DiGiCo desks shine on Mike Shinoda tour
Tuesday, 11 December 2018
digicoFOH engineer Mike Fanuele mixing Mike Shinoda on a DiGiCo SD10
USA - One thing that pretty much any experienced touring mix engineer can agree on is that you always pad your input/output number request to a certain degree because rare is the tour where those needs will not increase as the tour progresses. So it might seem odd that when the current Post Traumaticsolo tour by Linkin Park’s Mike Shinoda got started, mix engineers Mike Fanuele and Kevin ‘Tater’ McCarthy were sharing a single DiGiCo SD12 mix surface.
After that first show, the SD12 was shipped off for the tour’s Asian and European legs, and McCarthy, who has been associated with Shinoda for more than a decade, spec’d a pair of DiGiCo's ultra-portable SD11i desks for the promo tour that preceded the Asian dates. He says he’s fielded more than one question about why he made that choice.
“A lot of people have asked me why I choose the SD11i,” he reports. “Originally, it was just Mike Shinoda and no other band members. The band and additional crew where added after all of the gear had shipped to Hong Kong for the Asian and European tours. After a few shows, I was comfortable with the all the new inputs and with the 12-fader format, so I decided to keep it. It never came off that table rack. I just popped the lid every day and was ready to go.”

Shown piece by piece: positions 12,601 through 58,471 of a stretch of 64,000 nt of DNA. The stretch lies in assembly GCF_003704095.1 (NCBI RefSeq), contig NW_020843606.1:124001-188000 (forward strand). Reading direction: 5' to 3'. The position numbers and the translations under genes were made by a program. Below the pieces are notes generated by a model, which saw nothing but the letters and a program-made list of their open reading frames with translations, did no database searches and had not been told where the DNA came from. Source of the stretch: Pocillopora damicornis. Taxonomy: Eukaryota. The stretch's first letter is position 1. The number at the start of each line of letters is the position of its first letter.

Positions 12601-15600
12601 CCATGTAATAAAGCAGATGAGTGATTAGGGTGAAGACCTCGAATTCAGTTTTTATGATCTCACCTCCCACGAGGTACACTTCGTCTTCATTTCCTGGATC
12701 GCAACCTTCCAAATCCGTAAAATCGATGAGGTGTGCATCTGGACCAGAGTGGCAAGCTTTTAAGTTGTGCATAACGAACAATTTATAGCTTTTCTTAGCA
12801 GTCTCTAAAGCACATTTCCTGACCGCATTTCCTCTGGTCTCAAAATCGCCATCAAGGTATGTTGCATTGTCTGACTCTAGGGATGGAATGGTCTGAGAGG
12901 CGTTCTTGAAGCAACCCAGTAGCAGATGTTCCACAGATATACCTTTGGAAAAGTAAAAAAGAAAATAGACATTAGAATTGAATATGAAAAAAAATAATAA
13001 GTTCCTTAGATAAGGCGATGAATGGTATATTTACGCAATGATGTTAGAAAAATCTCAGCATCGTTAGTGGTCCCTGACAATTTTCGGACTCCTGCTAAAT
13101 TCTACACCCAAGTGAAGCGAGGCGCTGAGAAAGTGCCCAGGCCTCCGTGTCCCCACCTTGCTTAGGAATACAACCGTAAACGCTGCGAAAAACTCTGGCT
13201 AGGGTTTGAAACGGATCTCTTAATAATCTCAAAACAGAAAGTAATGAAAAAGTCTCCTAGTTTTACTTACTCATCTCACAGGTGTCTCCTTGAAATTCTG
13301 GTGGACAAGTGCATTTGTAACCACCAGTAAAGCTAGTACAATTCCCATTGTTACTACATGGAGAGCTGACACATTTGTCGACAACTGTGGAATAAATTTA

Fanuele is on his first outing with Shinoda after working with a wide variety of artists ranging from Meghan Trainor and Fifth Harmony to The Chainsmokers and Garbage. “Mike began this tour cycle on stage by himself playing keys, synth, drum pads, and triggering samples from a Maschine. For the first show, he actually performed on a satellite stage near FOH, where Tater and I both mixed off of the same SD12 console.
“I took the left side of the desk and fed my mix into an LM44 and then out to the PA, and Tater took the right side of the console, where he mixed Mike's IEMs. It was a unique experience, but the flexibility of the surface proved perfect for the task, and we were both able to manipulate the workflow to match our needs off of one console.”
Fanuele concludes, “Overall, I think the flexibility of the surface and the sonic detail of the pre’s and outs made DiGiCo’s SD-Range the obvious choice for the tour.”

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